Aerial view of a neighborhood

Ending Homelessness Together: Wilder Research partnerships help the community and Wilder programs understand homelessness and housing needs in Minnesota


 The Minnesota Homeless Study, one of Wilder’s best-known research projects, will return on October 26 after a pause during the pandemic. Wilder Research conducts the study every three years to better understand the prevalence of homelessness as well as the circumstances of those experiencing homelessness in Minnesota.


“A lot of people are anxious to get the latest information on what the impact was of the pandemic on our population experiencing homelessness in Minnesota,” says Michelle Decker Gerrard, Senior Research Manager at Wilder Research and co-director of the study. “What has changed? What remains the same?”

Wilder Research partners with state agencies, regional planning entities, tribes, housing service providers, and more than 1,000 volunteers across the state to conduct survey interviews with people experiencing homelessness on a single day about their lives and experiences.

Data shows homelessness as a systemic issue

The Minnesota Homeless Study provides data and analysis that policymakers, communities and organizations—including Wilder—use to identify and address systemic issues, improve programs and policies, and ultimately eliminate homelessness. At the start of the pandemic, for example, the state used Homeless Study data to understand who would be at highest risk of Covid when creating plans for services.

“When we first started doing this study (in 1991), people really looked at homelessness as an individual problem and individual issues that brought them into homelessness,” Michelle says. “And now, I think we really look at homelessness as a systems issue. It’s about affordable housing. It’s about all sorts of barriers to people getting stable housing.”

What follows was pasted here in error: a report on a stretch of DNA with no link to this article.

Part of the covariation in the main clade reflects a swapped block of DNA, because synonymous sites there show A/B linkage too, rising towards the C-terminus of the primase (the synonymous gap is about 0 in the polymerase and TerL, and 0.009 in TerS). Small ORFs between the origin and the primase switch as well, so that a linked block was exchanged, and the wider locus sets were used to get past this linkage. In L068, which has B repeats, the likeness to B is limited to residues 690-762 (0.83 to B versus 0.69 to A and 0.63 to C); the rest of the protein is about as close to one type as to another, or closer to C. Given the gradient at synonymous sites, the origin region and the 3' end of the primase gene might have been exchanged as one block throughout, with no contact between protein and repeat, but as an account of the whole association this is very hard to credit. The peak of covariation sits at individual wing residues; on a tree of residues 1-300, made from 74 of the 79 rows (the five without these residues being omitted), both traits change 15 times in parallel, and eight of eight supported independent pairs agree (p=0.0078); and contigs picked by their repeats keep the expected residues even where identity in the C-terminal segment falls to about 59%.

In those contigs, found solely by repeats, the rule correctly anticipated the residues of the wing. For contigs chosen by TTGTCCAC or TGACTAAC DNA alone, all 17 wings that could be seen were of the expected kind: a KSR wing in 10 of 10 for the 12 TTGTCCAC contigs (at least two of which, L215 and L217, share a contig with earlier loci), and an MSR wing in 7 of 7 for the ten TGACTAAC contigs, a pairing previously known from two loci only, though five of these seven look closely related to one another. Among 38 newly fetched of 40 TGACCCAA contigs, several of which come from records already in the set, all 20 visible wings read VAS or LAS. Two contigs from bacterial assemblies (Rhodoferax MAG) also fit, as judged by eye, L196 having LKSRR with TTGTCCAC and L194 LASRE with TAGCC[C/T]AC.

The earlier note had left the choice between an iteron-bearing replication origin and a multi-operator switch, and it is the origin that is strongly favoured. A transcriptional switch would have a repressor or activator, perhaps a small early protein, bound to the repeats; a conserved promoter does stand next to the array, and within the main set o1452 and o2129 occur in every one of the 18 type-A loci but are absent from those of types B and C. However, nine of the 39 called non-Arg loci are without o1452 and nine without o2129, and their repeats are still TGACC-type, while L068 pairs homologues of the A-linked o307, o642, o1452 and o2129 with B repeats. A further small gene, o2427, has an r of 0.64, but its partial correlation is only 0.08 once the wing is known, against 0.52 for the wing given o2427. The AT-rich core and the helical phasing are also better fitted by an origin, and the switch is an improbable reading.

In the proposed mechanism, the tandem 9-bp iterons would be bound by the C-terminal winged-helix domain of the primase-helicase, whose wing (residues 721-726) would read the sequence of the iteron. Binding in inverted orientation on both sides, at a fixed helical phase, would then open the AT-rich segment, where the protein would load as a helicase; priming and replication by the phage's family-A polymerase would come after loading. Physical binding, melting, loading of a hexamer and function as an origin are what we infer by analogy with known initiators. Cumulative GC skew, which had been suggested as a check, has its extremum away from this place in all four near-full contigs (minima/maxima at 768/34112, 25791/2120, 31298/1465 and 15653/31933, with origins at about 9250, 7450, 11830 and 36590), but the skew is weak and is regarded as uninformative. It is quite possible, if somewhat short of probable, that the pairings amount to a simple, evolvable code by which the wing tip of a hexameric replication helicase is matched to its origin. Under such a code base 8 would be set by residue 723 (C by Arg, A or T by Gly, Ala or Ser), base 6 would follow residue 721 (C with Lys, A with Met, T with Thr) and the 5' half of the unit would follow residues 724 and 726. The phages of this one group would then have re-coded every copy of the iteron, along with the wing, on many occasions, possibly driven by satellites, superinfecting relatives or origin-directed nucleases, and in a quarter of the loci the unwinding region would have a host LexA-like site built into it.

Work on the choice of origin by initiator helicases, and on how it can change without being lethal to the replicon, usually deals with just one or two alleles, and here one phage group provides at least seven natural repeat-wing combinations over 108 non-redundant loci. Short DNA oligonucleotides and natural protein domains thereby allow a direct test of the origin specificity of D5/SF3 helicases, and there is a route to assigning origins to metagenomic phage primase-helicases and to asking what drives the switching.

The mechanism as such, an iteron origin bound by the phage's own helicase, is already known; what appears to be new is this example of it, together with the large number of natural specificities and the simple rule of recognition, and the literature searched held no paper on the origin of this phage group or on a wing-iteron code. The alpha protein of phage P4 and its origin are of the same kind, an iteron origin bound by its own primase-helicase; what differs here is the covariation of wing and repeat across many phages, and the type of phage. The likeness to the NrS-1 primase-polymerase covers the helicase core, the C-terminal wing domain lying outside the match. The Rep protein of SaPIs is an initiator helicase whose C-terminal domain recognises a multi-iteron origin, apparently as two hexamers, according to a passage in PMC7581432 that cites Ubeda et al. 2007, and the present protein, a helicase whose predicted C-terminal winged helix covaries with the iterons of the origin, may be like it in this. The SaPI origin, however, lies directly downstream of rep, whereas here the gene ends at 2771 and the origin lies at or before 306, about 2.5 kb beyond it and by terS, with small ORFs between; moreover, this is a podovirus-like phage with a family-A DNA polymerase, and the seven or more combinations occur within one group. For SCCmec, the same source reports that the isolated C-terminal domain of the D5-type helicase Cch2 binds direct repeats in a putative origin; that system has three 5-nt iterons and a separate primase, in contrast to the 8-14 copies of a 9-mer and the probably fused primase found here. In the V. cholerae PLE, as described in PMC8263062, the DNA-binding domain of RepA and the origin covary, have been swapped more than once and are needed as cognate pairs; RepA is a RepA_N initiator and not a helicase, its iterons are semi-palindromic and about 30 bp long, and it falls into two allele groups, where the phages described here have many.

Data helps design different support for families

Two women sit at a table and look at each other while engaged in conversation
L-R Michelle Decker Gerrard, Senior Research Manager at Wilder Research and co-director of the Minnesota Homeless Study and Antonia Coleman, manager of Direct Housing Assistance and other special housing initiatives

Data from the Homeless Study and other information from Wilder Research are particularly useful for Wilder’s programs and services, which focus on using outcomes and data to improve.

Wilder’s supportive housing team used Homeless Study and other Wilder Research data to design Direct Housing Assistance, which provides individuals and families connected to Wilder programs with financial relief by sending small payments directly to landlords and mortgage companies.

Antonia Coleman, who manages Direct Housing Assistance, points to Homeless Study data that showed that many adults who experience homeless today were first homeless as children. It is important to intervene early to break this cycle. The team used that information to design Direct Housing Assistance to help prevent families from experiencing homelessness in the first place.

Direct Housing Assistance continues to adapt

Now Wilder Research is evaluating the effectiveness of Direct Housing Assistance. “We wanted to be responsive to what families were saying,” Antonia says. “We didn’t want to just have it be a one-and-done. We wanted to say, ‘What do families need? What is our community saying?’”

For example, Direct Housing Assistance initially excluded families who received rental subsidies, but evaluation data showed that many families who were receiving rental subsidies were contributing more than 50 percent of their income to rent. Direct Housing Assistance changed the eligibility criteria in response.

The eligibility change meant that more families qualified for Direct Housing Assistance. Some of those families eventually gave up their subsidy while they worked toward their goal of home ownership, Antonia says.

The combination of research and programs at Wilder is beneficial to everyone, Michelle says. “Being a community-based organization, we get to work together to help make a bigger impact in our community and statewide,” she says.